Thursday, September 07, 2006

Before and again i've been asked: why architecture? (why design?) and most of the time i cannot launch into the spectrum. But right now, here's the answer: it's the world. Structures dont stop at serving their purpose. They're letting on a world of aspects: the entity who commisioned it, the personality who designed it, the ethic(s) of the workers who realized it - unitarian?disparate? finally overcome by the mission?, their languages, their songs, the history they were born in, the culture they shared or didn't with those for whom the structures were created, the class divisions, who it inconvenienced, who it pleased, the materials used - were they from the area, impact on surroundings, how the materials weathered, how it responded to the sun and wind and elements soon after, how they appeared later, disaster contingent foresight, the detail and finishing, internally and externally, the living things and light and air admitted, excluded, tamed; if it harmonized or redefined at the line of vision, public or private, the imitation, originality, the recognition of the local, the disregard, the courage to pay obeisance to no culture but think newly appropriately, inappropriately? And for me above all the impression and at what removal it changes. Passionate, inventive, exotic, magnificent, assured, harmonic, euphoric, exulting, masterful, muscular, tame, daunting, frivolous, unconvincing, playful, flamboyant, thrilling.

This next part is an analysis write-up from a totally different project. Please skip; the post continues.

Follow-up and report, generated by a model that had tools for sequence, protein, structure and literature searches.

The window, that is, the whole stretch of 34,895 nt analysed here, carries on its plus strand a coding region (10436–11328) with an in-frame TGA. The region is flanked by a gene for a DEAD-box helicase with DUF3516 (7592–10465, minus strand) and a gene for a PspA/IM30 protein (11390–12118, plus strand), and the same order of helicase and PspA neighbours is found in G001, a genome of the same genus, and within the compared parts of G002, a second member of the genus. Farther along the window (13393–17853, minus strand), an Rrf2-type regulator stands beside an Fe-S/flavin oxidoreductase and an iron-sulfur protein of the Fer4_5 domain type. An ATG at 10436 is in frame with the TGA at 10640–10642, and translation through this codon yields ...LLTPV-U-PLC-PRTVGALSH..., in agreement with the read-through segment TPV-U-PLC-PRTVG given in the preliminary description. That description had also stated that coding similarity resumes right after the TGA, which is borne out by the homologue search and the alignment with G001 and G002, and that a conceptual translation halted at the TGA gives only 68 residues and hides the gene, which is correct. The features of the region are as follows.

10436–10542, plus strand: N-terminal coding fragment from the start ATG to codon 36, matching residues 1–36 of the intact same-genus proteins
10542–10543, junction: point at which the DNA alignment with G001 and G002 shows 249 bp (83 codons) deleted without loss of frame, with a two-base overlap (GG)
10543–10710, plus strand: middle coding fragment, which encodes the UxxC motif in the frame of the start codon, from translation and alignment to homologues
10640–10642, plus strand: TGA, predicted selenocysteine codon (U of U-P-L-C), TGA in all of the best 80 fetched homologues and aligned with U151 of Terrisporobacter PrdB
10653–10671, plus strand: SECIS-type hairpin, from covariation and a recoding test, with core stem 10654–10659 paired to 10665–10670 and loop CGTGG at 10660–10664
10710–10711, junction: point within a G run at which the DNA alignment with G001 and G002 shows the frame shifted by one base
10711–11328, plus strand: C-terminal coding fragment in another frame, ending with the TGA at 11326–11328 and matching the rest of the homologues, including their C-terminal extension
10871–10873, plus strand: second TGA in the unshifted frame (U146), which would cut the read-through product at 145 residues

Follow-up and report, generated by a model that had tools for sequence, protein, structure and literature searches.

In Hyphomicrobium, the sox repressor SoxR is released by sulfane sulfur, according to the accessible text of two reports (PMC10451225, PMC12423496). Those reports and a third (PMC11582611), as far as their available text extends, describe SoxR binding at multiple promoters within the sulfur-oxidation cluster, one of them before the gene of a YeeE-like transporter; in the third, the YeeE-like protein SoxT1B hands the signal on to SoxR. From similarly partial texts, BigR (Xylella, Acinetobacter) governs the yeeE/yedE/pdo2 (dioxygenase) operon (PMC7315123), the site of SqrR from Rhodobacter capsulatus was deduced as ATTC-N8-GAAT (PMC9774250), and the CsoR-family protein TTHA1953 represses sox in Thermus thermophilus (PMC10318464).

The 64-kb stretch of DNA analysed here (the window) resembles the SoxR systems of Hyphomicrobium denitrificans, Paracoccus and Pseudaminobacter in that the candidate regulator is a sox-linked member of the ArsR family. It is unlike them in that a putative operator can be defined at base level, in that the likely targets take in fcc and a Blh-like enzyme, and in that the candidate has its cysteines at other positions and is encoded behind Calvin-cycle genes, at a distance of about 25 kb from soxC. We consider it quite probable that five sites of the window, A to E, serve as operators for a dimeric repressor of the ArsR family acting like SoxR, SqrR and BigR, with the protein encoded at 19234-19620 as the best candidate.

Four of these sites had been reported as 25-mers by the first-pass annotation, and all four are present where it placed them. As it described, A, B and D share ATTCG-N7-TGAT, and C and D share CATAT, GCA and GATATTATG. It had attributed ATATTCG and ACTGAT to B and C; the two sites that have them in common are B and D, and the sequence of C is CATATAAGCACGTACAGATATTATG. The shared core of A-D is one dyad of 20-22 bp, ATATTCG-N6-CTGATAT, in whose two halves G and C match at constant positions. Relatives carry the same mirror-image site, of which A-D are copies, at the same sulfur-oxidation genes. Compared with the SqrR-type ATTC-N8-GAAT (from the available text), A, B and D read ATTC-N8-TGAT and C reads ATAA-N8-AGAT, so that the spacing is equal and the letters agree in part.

This could go on for a long page that touches everything there is we know and are still finding out about as scientific humans. My architecture companion I blew my careful savings on is giving me great pleasure. But one of the featured modern works that caught my attention is the J M Tjibaou Cultural Centre, New Caledonia. By Renzo Piano. It gets mentioned twice, but not at much length. Meanwhile, take a better look at it. It's a celebrated example of what's called abstract vernacular architecture. Using slats (of local iroko wood) that respond to winds to ventilate the interiors, Piano was inspired by the local Kanak huts. Mike Austin has made some interesting points.
posted by Finny Forever at 11:24 PM


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